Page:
A look at phosphate sand with the aid of an electron microscope reveals a jagged molecular landscape that offers a vast surface area to capture heavy metal ions.
The phosphate permeable reactive barrier is deployed with commonly used and available dredging equipment, making it cost-effective to handle and transport.
Trap & Treat
Patented reactive barrier traps and stabilizes toxic heavy metals in sediment.
River and harbor sediment polluted with toxic heavy metals is a widespread problem with a common solution: put a lid on it. To avoid the risks of dredging—loss of habitat, dispersal of contaminants, and what to do with all that toxic sediment—many opt instead to spread several feet of sand over the contaminated site. However, since conventional caps must be thick enough to prevent pollution from migrating into the water column, they can be costly to install and maintain, hinder boat navigation, and put a damper on the growth of aquatic life.
With a series of grants from CICEET, researchers at the University of New Hampshire have developed a new approach to capping: a phosphate-based permeable reactive barrier. Sand-based caps act as physical barriers that can only slow the spread of pollution. However, the new class of reactive barriers made from sorbent materials binds and stabilizes pollutants, removing them as a threat from the surrounding ecosystem. This phosphate reactive barrier uses natural minerals mined from ancient seabed deposits to stabilize heavy metals such as lead and zinc, and prevent their contamination from spreading.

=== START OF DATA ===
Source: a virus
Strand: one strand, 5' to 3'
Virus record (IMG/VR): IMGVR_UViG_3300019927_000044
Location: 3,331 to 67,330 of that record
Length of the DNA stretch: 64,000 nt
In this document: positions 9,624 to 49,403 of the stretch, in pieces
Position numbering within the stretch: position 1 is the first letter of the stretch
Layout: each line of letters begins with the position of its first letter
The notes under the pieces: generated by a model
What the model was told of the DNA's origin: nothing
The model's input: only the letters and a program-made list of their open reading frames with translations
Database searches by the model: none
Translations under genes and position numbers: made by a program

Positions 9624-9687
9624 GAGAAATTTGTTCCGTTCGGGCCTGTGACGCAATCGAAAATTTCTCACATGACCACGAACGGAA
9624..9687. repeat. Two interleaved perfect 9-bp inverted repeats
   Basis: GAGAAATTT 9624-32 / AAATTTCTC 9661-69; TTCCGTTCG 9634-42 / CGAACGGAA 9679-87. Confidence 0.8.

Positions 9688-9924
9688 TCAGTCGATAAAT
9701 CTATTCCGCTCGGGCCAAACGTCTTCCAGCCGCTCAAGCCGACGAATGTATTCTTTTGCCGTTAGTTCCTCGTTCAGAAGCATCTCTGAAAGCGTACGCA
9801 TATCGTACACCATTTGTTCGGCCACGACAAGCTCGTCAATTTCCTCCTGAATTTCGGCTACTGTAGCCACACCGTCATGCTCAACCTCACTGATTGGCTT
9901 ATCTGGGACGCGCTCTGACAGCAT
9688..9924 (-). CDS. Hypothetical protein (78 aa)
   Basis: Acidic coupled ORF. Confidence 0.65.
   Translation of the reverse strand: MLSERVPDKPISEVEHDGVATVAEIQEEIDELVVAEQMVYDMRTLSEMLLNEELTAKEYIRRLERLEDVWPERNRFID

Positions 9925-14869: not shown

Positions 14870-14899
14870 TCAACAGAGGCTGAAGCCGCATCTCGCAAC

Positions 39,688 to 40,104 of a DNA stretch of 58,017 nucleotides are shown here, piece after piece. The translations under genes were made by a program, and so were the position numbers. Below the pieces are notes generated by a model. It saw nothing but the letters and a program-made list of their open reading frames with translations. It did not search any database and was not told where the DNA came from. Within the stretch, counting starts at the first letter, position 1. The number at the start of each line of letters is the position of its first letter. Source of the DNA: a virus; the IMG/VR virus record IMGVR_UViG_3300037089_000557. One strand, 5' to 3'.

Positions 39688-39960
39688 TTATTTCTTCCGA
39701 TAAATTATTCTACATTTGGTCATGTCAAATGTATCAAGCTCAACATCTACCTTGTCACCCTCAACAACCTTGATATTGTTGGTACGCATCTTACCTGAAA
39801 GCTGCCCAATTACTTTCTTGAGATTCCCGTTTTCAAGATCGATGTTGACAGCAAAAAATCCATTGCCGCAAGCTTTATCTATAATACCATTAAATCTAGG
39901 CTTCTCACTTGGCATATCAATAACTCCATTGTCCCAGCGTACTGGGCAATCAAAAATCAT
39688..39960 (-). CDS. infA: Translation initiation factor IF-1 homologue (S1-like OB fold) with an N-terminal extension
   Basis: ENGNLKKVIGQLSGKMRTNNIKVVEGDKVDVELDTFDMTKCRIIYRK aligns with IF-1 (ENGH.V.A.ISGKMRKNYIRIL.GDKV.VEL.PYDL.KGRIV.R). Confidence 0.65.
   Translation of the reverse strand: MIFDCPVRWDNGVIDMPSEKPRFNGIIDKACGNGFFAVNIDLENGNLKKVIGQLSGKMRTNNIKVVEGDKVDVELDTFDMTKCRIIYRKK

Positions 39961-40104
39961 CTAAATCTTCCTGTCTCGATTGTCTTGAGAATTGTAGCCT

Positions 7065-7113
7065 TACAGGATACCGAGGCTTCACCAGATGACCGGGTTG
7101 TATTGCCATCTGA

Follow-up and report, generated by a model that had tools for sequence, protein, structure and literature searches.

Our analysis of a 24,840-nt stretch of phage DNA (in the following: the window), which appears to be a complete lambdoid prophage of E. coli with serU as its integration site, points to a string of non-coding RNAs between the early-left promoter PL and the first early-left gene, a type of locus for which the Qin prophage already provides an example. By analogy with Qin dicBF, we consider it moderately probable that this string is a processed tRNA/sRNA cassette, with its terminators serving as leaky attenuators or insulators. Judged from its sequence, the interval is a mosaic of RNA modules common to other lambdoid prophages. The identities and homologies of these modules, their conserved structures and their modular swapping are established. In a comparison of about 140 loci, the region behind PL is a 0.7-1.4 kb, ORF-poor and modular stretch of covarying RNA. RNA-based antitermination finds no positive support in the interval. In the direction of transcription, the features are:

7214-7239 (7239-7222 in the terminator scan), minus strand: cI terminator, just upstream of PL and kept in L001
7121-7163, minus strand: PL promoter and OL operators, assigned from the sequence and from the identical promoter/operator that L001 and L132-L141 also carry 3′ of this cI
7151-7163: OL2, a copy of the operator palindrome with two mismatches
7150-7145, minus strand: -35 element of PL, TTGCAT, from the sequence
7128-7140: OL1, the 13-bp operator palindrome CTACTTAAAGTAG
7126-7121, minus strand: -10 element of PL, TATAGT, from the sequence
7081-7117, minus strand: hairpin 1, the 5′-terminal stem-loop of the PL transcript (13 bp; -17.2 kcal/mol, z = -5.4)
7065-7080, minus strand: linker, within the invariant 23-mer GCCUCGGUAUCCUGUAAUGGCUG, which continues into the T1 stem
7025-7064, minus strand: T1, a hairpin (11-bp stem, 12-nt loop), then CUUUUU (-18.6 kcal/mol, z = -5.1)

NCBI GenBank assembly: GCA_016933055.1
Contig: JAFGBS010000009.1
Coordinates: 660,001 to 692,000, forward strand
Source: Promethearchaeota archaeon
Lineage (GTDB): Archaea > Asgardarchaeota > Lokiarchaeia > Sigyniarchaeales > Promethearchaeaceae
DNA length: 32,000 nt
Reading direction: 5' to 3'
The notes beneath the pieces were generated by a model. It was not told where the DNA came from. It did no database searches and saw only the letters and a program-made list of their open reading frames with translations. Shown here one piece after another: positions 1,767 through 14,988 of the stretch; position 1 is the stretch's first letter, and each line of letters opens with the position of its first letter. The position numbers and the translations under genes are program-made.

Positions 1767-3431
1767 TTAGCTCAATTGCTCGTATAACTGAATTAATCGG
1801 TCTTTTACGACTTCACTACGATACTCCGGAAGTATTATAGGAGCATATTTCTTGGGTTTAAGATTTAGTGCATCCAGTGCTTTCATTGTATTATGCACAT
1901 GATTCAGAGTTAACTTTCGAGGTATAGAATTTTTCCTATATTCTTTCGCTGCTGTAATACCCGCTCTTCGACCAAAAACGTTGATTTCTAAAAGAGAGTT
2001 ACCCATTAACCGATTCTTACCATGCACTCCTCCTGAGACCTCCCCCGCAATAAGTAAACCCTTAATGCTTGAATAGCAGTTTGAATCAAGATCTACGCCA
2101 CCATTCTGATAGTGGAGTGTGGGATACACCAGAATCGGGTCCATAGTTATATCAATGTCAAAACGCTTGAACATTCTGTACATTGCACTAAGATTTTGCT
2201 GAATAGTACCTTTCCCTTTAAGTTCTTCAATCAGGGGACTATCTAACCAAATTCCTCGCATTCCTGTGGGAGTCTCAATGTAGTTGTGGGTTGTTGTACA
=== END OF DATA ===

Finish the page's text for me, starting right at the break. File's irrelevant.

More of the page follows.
Basic research in the lab has tested the technology’s ability to treat sediment from heavily polluted waterways such as Newtown Creek, N.Y. and Providence Harbor, R.I. In a field demonstration in the Anacostia River in D.C., an 8,000 square-foot test plot is showing promising results. Researchers have demonstrated that, compared to sand caps, a much thinner layer of this barrier can be used to remediate sediment, and that it can be deployed with conventional dredging equipment. A technology transfer grant from CICEET is allowing the researchers to explore ways to commercialize this technology so that it will be widely available.
The phosphate permeable reactive barrier is licensed and ready for full-scale use. Many of the technological hurdles for permitting and deploying the material have been overcome. Methods developed for this project led to the award of patent number 6,290,637, available at www.uspto.gov
Project investigators are part of a bi-coastal team that received a $1.1 million grant from the Department of Defense’s Strategic Environmental Research and Development Program (SERDP) to develop a single delivery system that combines different reactive barrier technologies to address site specific contamination. The prototype for this system will include two CICEET-funded technologies: the reactive phosphate barrier and one based on organoclays that treats toxic organic chemicals.
Jeffrey Melton, Ph.D.
Research Assistant Professor
35 Colovos Rd.
University of New Hampshire
Durham, NH 03824
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